Working in the field of digital marketing for about 15 years, I have come up against a lot. I am gathering here some of the main reasons for social marketing campaign failure, so let’s dig right into it.
1- Poor Research
One of the main reasons for campaign failure is rushing into the preparation and execution steps without a deep analysis of the market, buyer persona, customer behavior, competitors…etc.
“If I had an hour to solve a problem, I’d spend 55 minutes thinking about the problem and five minutes thinking about solutions.” Albert Einstein said
2-No Clear Objective
Starting a campaign without a SMART objective is just like “shooting in the dark”.
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Some marketing managers jump into digital marketing because they have a budget that should be spent or maybe it is a mandate to be online and do campaigns!
Once I had a brief from a product manager with an objective: “our company is going digital and top management is asking us to go for digital initiatives” … It is obvious that this is not an objective!
3- Wrong KPIs
This problem usually appears because of a vague objective. So, once you determine the objective, choose the relevant KPI’s
It is invalid to look for impressions if the campaign objective is app installs or website traffic.
Reach is not the precise KPI if you are aiming for conversions and sales!
4- Choosing the Wrong Channels
Some marketing managers choose digital marketing channels based on their own preferences.
For instance, those who love Instagram want to go for it and others like Snapchat so they believe it’s the best while these channels might not be rich in their target audience.
Another mistake is to depend on top-level numbers that might be misleading, for example, based on raw stats, Facebook has a high penetration rate in Saudi Arabia, however, local Saudi users are not active on it at all, you can only find expatriates like Egyptians and Indians.
5- Focusing Only on The Buzz
Many campaigns have made buzz while they left no brand recall at all. People might like the ad and designs, yet they miss your brand name, key message, and call to action.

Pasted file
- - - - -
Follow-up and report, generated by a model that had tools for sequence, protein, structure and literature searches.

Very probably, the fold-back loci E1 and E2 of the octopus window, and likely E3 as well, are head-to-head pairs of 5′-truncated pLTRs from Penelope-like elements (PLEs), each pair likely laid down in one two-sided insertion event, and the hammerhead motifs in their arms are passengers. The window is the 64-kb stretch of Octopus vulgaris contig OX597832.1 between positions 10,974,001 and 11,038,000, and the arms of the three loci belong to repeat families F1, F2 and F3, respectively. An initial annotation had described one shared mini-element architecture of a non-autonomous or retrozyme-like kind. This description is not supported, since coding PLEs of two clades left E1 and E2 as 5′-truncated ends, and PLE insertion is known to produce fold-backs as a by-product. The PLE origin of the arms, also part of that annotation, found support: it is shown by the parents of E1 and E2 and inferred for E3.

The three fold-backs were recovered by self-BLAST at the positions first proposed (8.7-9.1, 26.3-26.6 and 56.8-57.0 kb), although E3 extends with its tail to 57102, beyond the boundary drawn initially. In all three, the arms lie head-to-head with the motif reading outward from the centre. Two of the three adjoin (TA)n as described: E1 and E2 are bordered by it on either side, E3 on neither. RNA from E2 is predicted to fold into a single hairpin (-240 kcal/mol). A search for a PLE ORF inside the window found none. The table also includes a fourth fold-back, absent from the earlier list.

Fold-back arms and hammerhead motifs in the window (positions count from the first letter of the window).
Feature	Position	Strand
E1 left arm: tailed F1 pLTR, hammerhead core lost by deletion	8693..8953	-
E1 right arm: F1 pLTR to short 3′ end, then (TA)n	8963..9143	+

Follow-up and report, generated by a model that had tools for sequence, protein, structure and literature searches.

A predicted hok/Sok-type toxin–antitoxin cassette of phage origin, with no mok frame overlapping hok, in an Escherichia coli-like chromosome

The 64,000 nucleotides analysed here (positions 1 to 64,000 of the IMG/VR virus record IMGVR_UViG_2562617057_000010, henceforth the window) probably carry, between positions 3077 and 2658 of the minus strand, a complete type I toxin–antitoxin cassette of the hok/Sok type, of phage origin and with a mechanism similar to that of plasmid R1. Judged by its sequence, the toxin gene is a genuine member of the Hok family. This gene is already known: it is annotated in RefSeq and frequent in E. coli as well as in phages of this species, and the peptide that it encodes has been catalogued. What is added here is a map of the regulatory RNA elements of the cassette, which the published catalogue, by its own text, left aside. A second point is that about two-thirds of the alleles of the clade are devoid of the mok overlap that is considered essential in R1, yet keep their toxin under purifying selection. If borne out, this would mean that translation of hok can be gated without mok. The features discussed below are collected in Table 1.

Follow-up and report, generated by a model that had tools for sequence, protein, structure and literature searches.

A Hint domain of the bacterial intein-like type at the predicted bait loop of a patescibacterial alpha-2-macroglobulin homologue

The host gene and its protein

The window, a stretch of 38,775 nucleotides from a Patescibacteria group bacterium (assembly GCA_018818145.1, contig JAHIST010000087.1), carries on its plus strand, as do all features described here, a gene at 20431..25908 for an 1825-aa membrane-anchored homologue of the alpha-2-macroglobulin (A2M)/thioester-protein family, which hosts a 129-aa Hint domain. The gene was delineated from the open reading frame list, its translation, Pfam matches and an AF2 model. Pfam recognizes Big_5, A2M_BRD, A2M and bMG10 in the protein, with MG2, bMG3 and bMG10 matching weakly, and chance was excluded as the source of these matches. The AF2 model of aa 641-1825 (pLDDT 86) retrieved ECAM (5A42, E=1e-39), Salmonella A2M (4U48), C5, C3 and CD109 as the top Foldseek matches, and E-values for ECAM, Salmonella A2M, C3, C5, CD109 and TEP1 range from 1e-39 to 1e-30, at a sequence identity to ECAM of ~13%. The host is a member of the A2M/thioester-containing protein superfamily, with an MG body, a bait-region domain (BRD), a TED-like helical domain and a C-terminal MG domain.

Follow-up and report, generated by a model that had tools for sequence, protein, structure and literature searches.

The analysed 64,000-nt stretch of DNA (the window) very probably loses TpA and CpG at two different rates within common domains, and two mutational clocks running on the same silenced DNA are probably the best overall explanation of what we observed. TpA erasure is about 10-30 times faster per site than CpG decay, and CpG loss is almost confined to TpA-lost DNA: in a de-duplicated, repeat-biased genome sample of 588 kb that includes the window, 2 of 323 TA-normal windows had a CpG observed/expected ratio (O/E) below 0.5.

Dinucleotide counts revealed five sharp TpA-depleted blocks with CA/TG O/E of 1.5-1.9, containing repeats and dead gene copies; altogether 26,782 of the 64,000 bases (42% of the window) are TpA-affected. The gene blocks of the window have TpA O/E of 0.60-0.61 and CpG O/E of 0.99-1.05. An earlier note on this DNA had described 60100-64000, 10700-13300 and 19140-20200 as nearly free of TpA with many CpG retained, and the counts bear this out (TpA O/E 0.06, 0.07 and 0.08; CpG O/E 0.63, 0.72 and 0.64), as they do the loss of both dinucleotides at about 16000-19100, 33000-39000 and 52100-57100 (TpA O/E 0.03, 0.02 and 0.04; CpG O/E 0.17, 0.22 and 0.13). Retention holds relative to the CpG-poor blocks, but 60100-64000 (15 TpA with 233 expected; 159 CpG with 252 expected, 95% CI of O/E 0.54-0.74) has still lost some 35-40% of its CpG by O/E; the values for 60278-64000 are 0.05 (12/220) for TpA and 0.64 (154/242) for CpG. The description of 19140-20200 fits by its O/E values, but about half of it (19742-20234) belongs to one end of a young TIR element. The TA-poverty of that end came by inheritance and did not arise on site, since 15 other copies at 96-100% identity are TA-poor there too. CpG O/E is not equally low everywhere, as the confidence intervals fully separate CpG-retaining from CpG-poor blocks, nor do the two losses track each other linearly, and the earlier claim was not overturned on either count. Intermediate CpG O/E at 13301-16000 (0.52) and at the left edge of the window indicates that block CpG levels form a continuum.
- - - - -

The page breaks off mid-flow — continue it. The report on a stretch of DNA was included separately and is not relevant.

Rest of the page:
It’s not just about engagements, let me tell you that people love engaging with memes, will you post jokes and memes just to get some likes and shares? this is a complete fail. I have come across some brands that fall into this mistake.
6- No Consistent Brand Voice
This challenge appears significantly during shifting from an agency to another, sometimes it takes place upon changing the community manager with the same agency.
As a brand, you have to be consistent. How you communicate with your audience. Are you humorous or serious? Do you go for slang or formal language?
7- Caring About Quantity Over Quality
Imagine you have a product made for class A+ and its ads are running to classes A, B, and C, you get millions of engagements and clicks, most of them are from people who will never buy your product.
A campaign with 10 USD CPC with precise targeting might be much more successful and cost-effective than a 0.1 USD CPC with broad targeting.
8- Creative Catchy Posts and That is It
Some creative agencies convince marketers that it is all about grabbing people’s attention who are flooded with hundreds of posts every day. This is partially correct.
Surely, grabbing attention is mandatory for a successful campaign, nevertheless, it’s not the only factor. Other factors are also important such as having a clear key message and a call to action.
9- Bad Community Management
A late response can affect a campaign’s performance. As per a report published by “Conversocial”, 37% of consumers who use social media to complain or question brands expect to get a response in under 30 minutes.
One of the bad community management practices is replying to different comments with the same reply which I call it “copy-paste community management” without any customization.
People like to feel they are appreciated by having personalized replies and this takes the customer-brand relationship to the sky.
10- The More You Post … The More You Get Results
Determining the frequency of posting is multifactorial; you might waste your budget producing content that is not seen by your audience because you allocated most of your budget to content creation.
Think of it as an archer, content is merely the arrow that needs ads to fly. Make sure you craft it well then throw with the maximum power you can. It is better than having tens of arrows while you throw them weakly.
I shall add that if you create a really interesting shareable content, people will throw that arrow for you when it goes viral, so I would suggest working smart not hard.